Isometric Exercise For Joint Strength And Stability

Most bodybuilders and strength athletes understand the benefits of concentric and eccentric muscle contraction in their training but so many neglect isometrics. Isometric exercise is a powerful way to strengthen and stabilize weak joints.

There is a science behind why isometrics (a muscular contraction in which the length of the muscle does not change) can be a substantial tool in your training bag to improve the strength, mobility and stability of your joints. When you train using only concentric and eccentric muscle contractions without out pausing at the end range of a movement (exercise) when the desired muscle is fully contracted, your joints don’t get strong and stable at the end range of motion. This leads to instability, weakness and potential injury.

When you are performing an exercise your central nervous system (your brain) is constantly sending and receiving communications from your muscles. There are receptors in and around your muscles that are telling you when to contract or relax a muscle. You have to train your central nervous system to be strong at the end range of motion and a smart way of doing that is with isometric contractions.

 

Whenever you are performing a concentric contraction and the desired muscle is shortening, especially towards the end range of the contraction, the muscle spindles (receptors) starts to lose their signal. The intrafusal fibers of the muscle spindles can’t send a good signal to keep contracting. This is partly due to the fact that it does not have enough time to recognize the position and strengthen it. It has never held that contracted position before; it may have only briefly experienced it from quick concentric contractions.

What you have to do is pause (hold for 5 to 10 seconds) and perform a isometric contraction at the end range of the contraction when the muscle is fully shortened. This will give your central nervous system more time to recognize the position of weakness and strengthen the end range of  motion. This will result in a strong and stable joint. You can look at it like this, you are rewiring the position and making sure there is good communication between the fully contracted position and your brain.

Let’s go over a practical example and how to apply this technique. Let’s say you are a strength athlete who is working on the bench press but having trouble (pain) with one of your shoulders. One of my first thoughts might be, the barbell bench press does not fully contract the pectorals because your hands are fixed on the bar and can’t come together to allow the pec to fully contract. This athlete may have amazing concentric and eccentric strength in the barbell bench press but might be weak and unstable when they horizontally adduct and internally rotate the arm to fully contract their pec. Therefore, maybe strengthening the end range of a pec contraction could help strengthen and stabilize the shoulder joint, getting rid of their pain.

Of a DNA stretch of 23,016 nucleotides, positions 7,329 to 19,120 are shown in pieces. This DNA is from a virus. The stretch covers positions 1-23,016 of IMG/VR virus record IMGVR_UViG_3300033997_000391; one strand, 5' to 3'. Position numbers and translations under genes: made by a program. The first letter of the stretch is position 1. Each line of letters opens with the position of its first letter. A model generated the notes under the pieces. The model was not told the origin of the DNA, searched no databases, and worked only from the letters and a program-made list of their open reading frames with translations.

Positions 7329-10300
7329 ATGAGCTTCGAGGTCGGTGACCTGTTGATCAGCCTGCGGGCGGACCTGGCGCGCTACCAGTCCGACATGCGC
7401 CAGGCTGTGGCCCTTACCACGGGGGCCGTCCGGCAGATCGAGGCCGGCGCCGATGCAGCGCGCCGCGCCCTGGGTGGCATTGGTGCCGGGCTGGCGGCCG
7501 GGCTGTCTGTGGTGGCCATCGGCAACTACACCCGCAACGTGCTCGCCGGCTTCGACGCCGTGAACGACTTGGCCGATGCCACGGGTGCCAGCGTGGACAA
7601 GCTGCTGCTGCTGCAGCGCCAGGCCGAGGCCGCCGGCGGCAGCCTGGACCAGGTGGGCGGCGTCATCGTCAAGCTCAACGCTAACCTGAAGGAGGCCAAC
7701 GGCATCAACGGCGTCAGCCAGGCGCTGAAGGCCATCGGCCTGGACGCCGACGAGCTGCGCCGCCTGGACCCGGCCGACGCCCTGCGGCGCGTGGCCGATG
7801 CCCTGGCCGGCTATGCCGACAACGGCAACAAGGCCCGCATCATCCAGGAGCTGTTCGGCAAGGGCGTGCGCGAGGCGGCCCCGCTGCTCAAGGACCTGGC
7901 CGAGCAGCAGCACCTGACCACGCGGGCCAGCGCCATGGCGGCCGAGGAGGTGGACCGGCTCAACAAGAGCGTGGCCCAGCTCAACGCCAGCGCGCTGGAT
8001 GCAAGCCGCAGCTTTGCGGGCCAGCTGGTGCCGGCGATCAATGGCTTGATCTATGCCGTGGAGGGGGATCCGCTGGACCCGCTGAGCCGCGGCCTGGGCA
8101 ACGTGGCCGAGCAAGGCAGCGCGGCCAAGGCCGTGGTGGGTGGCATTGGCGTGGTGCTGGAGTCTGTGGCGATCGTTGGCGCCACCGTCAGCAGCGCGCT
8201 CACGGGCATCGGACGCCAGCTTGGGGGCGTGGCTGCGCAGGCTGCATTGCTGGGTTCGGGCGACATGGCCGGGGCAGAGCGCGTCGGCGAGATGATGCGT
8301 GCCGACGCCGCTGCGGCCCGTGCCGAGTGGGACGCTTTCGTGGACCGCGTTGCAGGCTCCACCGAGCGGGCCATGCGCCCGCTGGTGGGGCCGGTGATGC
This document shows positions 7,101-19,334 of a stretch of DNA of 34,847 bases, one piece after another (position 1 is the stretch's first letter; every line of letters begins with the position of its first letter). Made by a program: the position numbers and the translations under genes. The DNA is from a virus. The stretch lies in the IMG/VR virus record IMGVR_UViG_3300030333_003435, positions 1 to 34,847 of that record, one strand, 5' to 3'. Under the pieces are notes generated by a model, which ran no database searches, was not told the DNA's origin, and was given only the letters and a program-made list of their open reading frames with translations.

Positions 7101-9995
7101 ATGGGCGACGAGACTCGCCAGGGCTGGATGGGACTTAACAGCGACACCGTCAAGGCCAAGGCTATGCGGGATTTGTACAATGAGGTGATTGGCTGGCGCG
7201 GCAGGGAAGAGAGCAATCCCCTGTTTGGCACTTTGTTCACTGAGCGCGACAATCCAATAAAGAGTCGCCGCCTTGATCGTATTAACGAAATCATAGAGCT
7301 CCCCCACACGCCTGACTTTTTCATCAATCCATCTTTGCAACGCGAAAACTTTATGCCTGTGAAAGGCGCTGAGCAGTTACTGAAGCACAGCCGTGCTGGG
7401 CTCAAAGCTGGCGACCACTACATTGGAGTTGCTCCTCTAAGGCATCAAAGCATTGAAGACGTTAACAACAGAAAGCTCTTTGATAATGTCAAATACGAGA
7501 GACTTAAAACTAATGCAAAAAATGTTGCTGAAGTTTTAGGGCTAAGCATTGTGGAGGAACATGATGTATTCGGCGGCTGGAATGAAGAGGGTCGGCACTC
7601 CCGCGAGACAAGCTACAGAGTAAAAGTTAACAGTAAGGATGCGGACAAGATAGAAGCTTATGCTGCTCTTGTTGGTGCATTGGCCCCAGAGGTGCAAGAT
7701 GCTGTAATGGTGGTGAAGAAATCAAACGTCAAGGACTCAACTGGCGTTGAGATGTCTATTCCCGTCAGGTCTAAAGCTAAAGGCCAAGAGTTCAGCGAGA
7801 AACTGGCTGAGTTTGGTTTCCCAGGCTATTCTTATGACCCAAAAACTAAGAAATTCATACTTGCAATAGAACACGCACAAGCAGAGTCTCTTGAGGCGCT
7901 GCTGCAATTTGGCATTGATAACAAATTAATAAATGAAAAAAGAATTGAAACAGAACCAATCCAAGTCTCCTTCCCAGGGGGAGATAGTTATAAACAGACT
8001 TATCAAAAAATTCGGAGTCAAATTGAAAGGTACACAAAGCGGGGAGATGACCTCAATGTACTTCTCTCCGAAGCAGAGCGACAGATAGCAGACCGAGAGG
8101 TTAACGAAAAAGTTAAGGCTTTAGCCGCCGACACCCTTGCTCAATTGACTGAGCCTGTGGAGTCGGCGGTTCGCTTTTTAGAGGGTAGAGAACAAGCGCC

I would have this individual stand up, straighten out their arm, internally rotate their shoulder and bring it across the body (horizontally adduct with  internal rotation) and press it against an immovable object for about 5 to 10 seconds at about 50% effort.  I would have them do this five or six times and they can ramp up the intensity as long as there’s no pain. This end range isometric contraction can really help strengthen and stabilize the joint hopefully getting rid of the shoulder pain and improving their bench press.

This end range isometric technique can be used on any muscle in the body. The only downside is that you do have to have an understanding of muscular anatomy. For example, with the pectorals you would have to know that to fully contract your chest you would have to horizontally adduct the arm and internally rotate the shoulder. It can be a little tricky if you don’t know the origin, insertion and function of individual muscles. I recommend buying a basic anatomy book; it will help.

The thought process for end range isometrics came from my studies in Muscle Activation Techniques.

If you have any questions, please feel free to drop me an email.

Best – Mike Cola

Mike’s YouTube Channel

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This is the strategy I teach my personal training clients to have a 20-something body, regardless of their age.
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Best- Mike

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My name is Mike Cola (yeah that is me in the pic @ 54 years old). I’ve been called a “Contrarian” since I believe that most mainstream fitness approaches are extremely inefficient.

I achieved the look in that photo just training 3 times per week. My specialty is helping people reach peak condition without having to hit the gym 6-7 times per week.

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